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Masks, Fundraisers and Smallpox-Only Teams: How Baseball Has Dealt With Infectious Diseases Before

As MLB follows the latest coronavirus developments, take a deep dive into the sport's history of combating illness.

The pictures show an old-school baseball game, typical in every way save one: Everyone wears a mask. There’s a face mask on the hitter, the bench and the crowd. Underneath their standard equipment, the umpire and catcher have them, too.

This is how the Pasadena Merchants and Standard-Murphys played a game in the Southern California Winter League on January 26, 1919. The influenza epidemic that had started the previous year was spreading, and California was concerned. Pasadena had started requiring residents to wear masks in public; on the first day that the rule went into effect, the city made 60 arrests to show that the new law was for real. So how does a baseball team operate under these regulations? Simple: Just make everyone wear a mask. Per the Los Angeles Times, “even when sliding for bases, the runners managed to keep the cloth over their noses and mouths.”


This was not how most baseball teams addressed the flu. While the MLB season was cut a few weeks short in 1918, that was due less to the outbreak and more to World War I, and it started back on schedule in 1919. But MLB went without any formal protocol about how to handle the outbreak, with no serious talk of canceled games or empty stadiums, and baseball went on, even as the illness came for some of its key figures. (It’s worth saying here that there was no commissioner to issue any formal protocol: Kenesaw Mountain Landis didn’t become the first to hold the gig until a year later, as an answer to the Black Sox scandal.)

Now, a century later, the situation is significantly different. As coronavirus has continued to spread, baseball has started to take precautions. MLB has established an internal task force, with no plans to cancel games as of yet, and has sent recommendations to teams about how to handle the situation. Clubs have begun to institute their own safety measures: Tampa Bay has ditched high-fives for toe taps, Minnesota has banned autographs, and Pittsburgh has sanitized their spring training facility out of an “overabundance of caution”. In Japan, NPB spring training is happening in empty arenas and KBO spring games have been canceled in South Korea. Other sporting events have also been played without fans or postponed entirely as every league looks at how to handle the virus.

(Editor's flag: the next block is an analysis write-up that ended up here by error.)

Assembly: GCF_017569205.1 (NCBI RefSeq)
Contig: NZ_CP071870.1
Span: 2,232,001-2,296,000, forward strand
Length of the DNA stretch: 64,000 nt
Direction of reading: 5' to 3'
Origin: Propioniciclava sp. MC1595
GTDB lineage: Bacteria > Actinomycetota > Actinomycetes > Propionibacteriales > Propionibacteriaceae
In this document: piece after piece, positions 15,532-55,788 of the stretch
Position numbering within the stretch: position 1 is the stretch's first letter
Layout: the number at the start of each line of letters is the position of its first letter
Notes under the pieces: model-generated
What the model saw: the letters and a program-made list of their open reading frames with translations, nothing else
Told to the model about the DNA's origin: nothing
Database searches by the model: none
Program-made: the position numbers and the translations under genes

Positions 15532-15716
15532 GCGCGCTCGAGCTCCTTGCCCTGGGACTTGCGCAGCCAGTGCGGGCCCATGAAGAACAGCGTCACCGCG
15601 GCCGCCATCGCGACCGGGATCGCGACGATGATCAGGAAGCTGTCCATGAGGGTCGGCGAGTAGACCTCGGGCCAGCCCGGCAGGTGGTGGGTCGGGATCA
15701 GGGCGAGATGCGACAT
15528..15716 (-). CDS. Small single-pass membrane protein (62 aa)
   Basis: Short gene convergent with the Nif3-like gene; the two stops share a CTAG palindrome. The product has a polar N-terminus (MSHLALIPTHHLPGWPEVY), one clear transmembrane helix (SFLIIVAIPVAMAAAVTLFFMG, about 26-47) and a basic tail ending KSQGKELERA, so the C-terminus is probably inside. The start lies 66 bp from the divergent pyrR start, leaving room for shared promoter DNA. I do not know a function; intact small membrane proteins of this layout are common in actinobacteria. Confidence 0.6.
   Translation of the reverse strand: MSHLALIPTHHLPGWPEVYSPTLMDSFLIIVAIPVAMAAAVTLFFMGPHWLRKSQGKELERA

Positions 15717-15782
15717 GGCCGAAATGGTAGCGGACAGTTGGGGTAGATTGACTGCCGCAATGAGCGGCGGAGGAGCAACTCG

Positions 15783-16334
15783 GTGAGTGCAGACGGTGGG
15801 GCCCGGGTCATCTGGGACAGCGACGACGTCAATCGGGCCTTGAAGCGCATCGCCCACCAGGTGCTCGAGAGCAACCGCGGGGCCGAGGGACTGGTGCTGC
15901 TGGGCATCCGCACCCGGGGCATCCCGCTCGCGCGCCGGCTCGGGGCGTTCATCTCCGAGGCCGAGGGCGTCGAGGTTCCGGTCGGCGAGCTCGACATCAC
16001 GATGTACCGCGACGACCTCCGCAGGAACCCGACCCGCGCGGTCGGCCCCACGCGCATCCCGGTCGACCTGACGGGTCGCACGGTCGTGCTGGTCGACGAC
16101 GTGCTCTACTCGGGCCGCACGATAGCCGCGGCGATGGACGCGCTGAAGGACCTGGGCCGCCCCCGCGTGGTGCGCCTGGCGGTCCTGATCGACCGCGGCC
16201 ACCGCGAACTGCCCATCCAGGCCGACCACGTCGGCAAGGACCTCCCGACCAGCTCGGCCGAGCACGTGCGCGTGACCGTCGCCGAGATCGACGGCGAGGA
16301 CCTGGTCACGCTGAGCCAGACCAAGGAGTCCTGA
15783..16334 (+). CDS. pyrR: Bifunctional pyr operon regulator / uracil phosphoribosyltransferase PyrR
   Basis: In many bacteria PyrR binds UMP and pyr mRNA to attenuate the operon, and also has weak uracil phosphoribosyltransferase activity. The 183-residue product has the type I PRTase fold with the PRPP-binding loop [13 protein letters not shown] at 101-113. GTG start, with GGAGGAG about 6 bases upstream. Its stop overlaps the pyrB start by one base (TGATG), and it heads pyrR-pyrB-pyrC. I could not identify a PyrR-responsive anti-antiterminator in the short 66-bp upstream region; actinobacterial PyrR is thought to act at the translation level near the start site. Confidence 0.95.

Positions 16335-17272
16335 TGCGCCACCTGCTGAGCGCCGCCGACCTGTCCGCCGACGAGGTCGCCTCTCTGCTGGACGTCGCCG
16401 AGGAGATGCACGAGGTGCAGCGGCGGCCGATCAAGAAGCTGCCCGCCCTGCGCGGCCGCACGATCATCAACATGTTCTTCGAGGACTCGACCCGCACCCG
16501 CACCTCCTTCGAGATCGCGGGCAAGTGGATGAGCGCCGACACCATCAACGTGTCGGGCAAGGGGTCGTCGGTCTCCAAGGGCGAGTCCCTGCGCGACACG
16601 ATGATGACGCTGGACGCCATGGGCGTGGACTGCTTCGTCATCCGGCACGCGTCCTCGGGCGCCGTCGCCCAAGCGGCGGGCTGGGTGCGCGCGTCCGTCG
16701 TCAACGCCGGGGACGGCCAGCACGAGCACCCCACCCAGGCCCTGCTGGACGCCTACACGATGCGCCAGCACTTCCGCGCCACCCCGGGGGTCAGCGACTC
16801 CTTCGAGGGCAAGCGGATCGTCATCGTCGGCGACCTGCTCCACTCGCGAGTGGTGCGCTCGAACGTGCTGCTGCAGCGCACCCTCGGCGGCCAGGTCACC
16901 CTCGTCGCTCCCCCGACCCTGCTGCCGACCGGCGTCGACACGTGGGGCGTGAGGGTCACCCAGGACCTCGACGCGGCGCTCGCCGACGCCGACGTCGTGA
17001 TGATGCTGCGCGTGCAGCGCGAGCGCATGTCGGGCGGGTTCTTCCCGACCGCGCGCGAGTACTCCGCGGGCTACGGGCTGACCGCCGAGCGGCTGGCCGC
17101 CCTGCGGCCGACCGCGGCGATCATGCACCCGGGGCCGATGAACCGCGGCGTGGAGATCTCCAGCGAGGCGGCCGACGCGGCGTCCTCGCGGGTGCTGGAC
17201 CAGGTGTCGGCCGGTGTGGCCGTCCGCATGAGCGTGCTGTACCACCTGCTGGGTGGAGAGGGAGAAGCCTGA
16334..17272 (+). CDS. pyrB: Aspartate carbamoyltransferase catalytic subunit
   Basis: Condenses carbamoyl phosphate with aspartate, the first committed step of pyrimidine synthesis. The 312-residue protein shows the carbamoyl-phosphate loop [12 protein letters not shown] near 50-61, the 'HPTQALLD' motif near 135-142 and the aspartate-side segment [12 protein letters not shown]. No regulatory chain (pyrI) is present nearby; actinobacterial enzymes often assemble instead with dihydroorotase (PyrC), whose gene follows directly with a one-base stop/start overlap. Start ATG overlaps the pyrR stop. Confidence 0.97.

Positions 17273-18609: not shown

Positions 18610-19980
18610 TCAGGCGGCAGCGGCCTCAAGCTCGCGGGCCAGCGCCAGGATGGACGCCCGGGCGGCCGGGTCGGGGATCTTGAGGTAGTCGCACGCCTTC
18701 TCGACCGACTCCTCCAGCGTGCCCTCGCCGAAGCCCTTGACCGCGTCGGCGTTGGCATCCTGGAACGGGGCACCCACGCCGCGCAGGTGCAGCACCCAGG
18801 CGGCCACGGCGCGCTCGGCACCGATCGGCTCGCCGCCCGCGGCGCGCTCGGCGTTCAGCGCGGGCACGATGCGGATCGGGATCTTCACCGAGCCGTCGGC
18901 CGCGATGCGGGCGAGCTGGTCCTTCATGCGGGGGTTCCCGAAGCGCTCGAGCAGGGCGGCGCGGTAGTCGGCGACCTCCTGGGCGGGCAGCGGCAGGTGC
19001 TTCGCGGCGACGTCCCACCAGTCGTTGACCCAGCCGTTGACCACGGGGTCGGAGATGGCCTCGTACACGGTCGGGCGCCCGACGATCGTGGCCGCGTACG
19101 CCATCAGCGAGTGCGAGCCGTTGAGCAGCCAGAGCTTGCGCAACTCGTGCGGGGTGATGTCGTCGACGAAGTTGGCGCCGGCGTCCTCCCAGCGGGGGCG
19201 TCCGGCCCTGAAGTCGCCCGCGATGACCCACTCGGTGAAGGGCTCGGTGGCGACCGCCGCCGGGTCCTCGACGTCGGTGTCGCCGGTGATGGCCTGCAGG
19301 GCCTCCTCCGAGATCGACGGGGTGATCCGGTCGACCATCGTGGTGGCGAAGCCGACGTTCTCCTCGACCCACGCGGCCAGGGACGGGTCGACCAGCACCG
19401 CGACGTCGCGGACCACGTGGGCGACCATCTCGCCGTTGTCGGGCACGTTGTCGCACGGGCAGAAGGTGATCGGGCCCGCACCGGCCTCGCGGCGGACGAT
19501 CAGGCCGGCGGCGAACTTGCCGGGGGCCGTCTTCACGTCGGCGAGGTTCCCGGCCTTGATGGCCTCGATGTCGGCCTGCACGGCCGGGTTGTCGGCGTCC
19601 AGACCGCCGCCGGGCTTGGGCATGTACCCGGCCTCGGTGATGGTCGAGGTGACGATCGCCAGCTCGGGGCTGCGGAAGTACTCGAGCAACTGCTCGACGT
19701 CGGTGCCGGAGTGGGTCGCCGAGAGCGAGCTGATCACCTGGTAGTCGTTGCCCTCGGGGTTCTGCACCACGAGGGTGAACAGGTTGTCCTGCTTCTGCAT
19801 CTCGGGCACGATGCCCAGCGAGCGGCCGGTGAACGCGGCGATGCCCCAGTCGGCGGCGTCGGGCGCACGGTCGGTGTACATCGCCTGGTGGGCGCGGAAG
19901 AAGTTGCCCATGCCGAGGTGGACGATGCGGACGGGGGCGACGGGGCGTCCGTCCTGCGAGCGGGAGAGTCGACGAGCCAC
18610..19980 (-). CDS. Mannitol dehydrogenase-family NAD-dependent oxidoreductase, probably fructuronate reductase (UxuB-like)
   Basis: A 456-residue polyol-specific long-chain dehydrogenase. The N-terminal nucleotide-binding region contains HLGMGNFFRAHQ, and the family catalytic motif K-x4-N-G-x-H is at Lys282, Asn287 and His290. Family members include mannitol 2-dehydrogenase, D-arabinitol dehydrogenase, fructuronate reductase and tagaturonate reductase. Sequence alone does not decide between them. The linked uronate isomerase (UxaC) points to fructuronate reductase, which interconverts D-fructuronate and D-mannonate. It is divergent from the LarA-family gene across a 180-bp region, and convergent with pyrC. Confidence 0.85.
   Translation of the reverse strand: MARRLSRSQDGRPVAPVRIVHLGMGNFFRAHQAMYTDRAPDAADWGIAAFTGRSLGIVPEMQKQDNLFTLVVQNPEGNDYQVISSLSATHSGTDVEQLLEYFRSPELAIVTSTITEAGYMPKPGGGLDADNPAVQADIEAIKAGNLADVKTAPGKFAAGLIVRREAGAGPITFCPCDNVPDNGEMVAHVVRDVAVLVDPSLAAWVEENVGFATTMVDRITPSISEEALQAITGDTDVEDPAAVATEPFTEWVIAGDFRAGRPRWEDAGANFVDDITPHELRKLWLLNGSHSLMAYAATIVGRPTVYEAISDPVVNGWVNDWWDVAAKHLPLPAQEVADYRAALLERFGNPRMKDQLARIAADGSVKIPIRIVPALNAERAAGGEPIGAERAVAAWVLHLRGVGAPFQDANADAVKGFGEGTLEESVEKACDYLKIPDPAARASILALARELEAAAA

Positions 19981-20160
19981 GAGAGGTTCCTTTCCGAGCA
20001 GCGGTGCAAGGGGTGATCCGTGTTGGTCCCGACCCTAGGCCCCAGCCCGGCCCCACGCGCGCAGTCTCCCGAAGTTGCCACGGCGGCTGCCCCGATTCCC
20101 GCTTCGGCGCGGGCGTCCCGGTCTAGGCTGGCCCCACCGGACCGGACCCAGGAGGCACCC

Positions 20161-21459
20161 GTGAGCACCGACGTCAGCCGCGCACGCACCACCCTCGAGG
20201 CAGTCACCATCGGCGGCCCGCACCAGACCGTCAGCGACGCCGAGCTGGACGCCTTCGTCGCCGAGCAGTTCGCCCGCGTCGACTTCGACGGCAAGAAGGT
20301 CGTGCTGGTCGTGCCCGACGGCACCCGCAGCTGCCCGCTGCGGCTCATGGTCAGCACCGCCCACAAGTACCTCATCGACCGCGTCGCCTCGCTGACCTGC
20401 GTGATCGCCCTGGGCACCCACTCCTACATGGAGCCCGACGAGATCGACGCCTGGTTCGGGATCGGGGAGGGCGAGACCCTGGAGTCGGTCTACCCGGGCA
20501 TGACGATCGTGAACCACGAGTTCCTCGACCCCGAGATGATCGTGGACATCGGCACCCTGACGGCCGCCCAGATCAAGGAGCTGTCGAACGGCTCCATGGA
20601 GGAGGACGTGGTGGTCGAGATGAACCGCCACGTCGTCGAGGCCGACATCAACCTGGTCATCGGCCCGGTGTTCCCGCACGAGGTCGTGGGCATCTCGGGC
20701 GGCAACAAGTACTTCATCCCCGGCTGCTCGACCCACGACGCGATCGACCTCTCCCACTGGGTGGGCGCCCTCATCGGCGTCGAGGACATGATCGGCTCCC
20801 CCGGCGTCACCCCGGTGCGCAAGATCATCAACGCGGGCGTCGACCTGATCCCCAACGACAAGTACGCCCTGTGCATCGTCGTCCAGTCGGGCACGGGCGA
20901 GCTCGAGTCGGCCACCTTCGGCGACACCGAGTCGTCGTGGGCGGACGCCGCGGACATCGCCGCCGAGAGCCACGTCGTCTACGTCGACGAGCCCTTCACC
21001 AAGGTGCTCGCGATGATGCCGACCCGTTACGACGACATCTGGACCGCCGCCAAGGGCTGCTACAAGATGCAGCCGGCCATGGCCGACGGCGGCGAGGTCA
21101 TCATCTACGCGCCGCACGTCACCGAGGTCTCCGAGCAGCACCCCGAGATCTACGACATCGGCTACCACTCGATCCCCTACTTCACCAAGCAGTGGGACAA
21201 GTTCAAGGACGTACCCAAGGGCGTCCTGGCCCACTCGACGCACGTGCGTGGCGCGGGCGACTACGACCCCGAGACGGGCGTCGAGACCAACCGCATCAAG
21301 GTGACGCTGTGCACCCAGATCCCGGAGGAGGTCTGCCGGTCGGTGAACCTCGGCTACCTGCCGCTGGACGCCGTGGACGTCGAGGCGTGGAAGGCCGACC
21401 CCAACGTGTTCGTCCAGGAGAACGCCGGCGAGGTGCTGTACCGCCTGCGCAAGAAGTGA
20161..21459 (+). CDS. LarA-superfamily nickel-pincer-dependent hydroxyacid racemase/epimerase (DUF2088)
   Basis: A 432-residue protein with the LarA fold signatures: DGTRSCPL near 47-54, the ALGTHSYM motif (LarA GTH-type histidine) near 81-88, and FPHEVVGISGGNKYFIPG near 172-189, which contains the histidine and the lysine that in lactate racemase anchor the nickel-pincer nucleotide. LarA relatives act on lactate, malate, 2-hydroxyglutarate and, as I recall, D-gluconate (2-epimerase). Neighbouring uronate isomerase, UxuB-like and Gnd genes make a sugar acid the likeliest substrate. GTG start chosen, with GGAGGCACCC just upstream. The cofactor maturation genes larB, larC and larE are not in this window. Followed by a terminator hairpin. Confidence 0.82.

Baseball, by virtue of its history, has a long record of accommodating outbreak. But even so, there are few examples of professional games that have been canceled, relocated, or closed to fans due to disease. (A notable exception is the 2016 Marlins-Pirates series in Puerto Rico, which was moved to Miami due to Zika virus.) Of course, the current moment is its own; the game is more global, the world understands more about disease, and a closed stadium feels like less of a radical suggestion in an environment where in-person attendance means less than ever. But the history here, if not directly useful, is still rich.

In a sense, baseball owes its origins to disease outbreak, points out MLB historian John Thorn. With the spread of yellow fever and cholera in the decades before the Civil War, adult men could justify playing a game such as baseball as a specifically healthy pursuit, “a ‘manual’ sport rather than a leisurely pastime,” Thorn found in his research for Baseball in the Garden of Eden: The Secret History of the Early Game.

As America went in the late 19th and early 20th century, so did baseball. When Maryland was struck with smallpox in 1906, there were reports of smallpox-only baseball teams, for patients who were well enough to play. Three years later, as typhoid fever spread in California, the San Francisco Examiner ran the front-page headline “Epidemic Threatens to Ruin Ball Team” as the Pacific Coast League saw several players fall sick at once. The illness-related charity games have evolved with the times, too: The St. Louis Cardinals had an annual “Tuberculosis Day” game for more than two decades, and years later, President Eisenhower declared “Baseball Polio Day,” when MLB games were used to raise money for the disease on July 4, 1957.


But it was rare to see any unified response to outbreak at the league level. Even when a Cardinals coach fell ill with diphtheria in 1944, the team received antitoxins and braced for a potential quarantine, but there was no official response from Commissioner Kenesaw Landis. At the time, there was no such thing as a league medical adviser—the role used to coordinate with teams on a single response to later outbreaks, such as SARS in 2003.


And as for the 1919 Pasadena Merchants, they appear to be an outlier. While flu masks were common during the outbreak of 1918, there’s not much record of other baseball teams with them, and Pasadena received national press for the novelty of “the masked ballgame.” An especially popular picture in newspapers across the country showed Carl Sawyer, who’d previously played in MLB with the Washington Senators, holding the team’s masked mascot, a dog:


The news at the time described it as the first ballgame played entirely in flu masks, but it now seems likely that it was the only—which it seems that it will remain. Probably.